By Hilary White
February 3, 2010 (LifeSiteNews.com) – A new study has found that patients deemed to be in a “vegetative” state still have brain function and can even communicate in some cases. Published in the New England Journal of Medicine, the study examined 54 patients with “disorders of consciousness” and assessed their “ability to generate willful” responses during two “established mental-imagery tasks.”
Five of the patients were able to “willfully modulate” their brain activity and three of these displayed “some sign of awareness.” One of the five was able to communicate yes or no answers to simple questions.
These results, the researchers said, indicated that some patients diagnosed as vegetative could have some measure of “preserved awareness.”
The researchers concluded “that a small proportion of patients in a vegetative or minimally conscious state have brain activation reflecting some awareness and cognition.”
“Careful clinical examination will result in reclassification of the state of consciousness in some of these patients. This technique may be useful in establishing basic communication with patients who appear to be unresponsive.”
The research, led by Martin M. Monti, Ph.D. of the Medical Research Council Cognition & Brain Sciences Unit in Cambridge, England, also warned of high rates of misdiagnosis, up to 40 per cent, in cases of patients in a “minimally conscious state.”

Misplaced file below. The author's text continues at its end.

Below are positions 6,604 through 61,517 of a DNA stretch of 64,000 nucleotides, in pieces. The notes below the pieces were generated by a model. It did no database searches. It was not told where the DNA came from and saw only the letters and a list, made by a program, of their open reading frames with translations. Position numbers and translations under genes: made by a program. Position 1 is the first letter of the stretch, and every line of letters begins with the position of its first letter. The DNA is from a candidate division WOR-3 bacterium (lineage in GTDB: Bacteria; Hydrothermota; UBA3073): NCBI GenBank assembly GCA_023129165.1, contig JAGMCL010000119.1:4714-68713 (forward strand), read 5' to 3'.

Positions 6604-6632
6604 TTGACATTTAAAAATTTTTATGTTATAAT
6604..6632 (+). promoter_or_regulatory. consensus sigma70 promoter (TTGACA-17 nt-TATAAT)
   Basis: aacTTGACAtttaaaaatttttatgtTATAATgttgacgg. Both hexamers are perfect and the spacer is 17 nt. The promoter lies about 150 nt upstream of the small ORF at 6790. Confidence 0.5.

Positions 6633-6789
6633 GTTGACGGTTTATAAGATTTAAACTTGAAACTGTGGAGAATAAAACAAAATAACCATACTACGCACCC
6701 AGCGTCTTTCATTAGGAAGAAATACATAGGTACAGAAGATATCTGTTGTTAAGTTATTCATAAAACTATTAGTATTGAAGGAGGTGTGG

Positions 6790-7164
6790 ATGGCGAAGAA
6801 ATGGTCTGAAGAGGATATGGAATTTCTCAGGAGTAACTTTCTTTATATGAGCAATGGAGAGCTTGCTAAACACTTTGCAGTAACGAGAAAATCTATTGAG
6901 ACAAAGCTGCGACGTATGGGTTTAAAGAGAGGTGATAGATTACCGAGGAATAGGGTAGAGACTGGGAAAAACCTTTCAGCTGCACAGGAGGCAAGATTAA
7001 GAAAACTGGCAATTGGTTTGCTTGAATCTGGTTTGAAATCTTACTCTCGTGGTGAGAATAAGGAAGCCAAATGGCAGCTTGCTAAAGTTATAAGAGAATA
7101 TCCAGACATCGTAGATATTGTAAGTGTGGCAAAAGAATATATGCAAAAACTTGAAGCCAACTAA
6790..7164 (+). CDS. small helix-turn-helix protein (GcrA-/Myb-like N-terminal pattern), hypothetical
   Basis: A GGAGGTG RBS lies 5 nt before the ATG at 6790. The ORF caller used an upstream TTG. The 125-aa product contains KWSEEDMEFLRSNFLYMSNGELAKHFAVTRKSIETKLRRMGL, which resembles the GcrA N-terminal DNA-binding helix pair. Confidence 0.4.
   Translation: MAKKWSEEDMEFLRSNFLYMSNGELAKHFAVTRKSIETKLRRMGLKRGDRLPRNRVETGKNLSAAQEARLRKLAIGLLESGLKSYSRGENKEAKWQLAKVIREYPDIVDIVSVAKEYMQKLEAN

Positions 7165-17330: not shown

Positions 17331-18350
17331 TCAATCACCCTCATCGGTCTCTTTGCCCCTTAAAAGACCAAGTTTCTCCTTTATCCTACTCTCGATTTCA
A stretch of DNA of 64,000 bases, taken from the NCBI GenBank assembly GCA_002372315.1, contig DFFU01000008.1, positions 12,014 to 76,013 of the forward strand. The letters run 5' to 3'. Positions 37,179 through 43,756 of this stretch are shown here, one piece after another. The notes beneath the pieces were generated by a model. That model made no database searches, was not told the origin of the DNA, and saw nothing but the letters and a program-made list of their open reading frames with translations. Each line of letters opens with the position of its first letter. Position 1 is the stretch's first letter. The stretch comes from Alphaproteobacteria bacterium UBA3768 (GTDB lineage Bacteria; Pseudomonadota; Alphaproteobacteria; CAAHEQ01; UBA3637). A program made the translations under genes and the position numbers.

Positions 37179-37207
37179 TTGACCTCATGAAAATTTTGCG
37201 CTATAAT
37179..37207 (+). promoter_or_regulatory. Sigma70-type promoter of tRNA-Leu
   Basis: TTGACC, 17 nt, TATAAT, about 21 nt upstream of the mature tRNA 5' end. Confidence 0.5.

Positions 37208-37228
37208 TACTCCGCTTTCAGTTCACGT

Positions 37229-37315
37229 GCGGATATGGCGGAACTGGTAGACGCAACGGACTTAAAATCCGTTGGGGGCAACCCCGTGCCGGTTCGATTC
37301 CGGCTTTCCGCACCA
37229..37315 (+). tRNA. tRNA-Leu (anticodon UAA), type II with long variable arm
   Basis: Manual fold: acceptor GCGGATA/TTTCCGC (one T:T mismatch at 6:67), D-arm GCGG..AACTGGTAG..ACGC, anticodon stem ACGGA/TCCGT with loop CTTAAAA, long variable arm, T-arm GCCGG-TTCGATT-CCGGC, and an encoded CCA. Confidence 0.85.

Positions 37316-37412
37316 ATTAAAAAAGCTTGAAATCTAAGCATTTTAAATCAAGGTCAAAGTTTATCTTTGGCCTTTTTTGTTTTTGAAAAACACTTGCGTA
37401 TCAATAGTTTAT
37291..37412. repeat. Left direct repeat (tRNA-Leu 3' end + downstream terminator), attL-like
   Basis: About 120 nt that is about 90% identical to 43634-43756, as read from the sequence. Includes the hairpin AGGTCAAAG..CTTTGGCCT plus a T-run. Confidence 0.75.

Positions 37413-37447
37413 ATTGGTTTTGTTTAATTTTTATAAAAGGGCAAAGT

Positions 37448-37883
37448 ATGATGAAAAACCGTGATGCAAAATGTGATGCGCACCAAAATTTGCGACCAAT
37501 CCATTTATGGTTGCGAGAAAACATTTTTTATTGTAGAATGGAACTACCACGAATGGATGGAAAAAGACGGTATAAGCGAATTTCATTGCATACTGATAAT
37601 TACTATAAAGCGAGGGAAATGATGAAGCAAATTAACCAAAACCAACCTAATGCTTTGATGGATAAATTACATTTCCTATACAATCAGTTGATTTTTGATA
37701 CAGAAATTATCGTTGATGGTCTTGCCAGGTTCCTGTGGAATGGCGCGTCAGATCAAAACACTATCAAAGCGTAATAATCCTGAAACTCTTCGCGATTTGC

The report noted that “purposeful response to stimulation,” is crucial in assessing patients in a “vegetative state” and has “implications for subsequent care and rehabilitation, as well as for legal and ethical decision making”. In jurisdictions that allow the removal of organs from patients deemed to be “brain dead,” such decision-making is a matter of life and death.
“We were stunned when this happened,” Monti told the New York Times, “I find it literally amazing. This was a patient who was believed to be vegetative for five years.”
Bobby Schindler, the brother of Terri Schiavo, who died after her feeding tube was removed under the orders of her husband, responded to the findings of the study, saying that he wished that such technology had been made available for his sister.
“It's upsetting to me when I see this type of research,” Schindler said. “We were looking to afford these kinds of tests for Terri, but the court did not allow us to perform these kinds of tests.”
Schiavo's case ignited a firestorm of publicity in between 1998 and 2005. Ultimately, the courts sided with doctors who testified that Schiavo was in a persistent, vegetative state with no hope of recovery—though doctors that the Schindlers brought to court said there was a chance of recovery.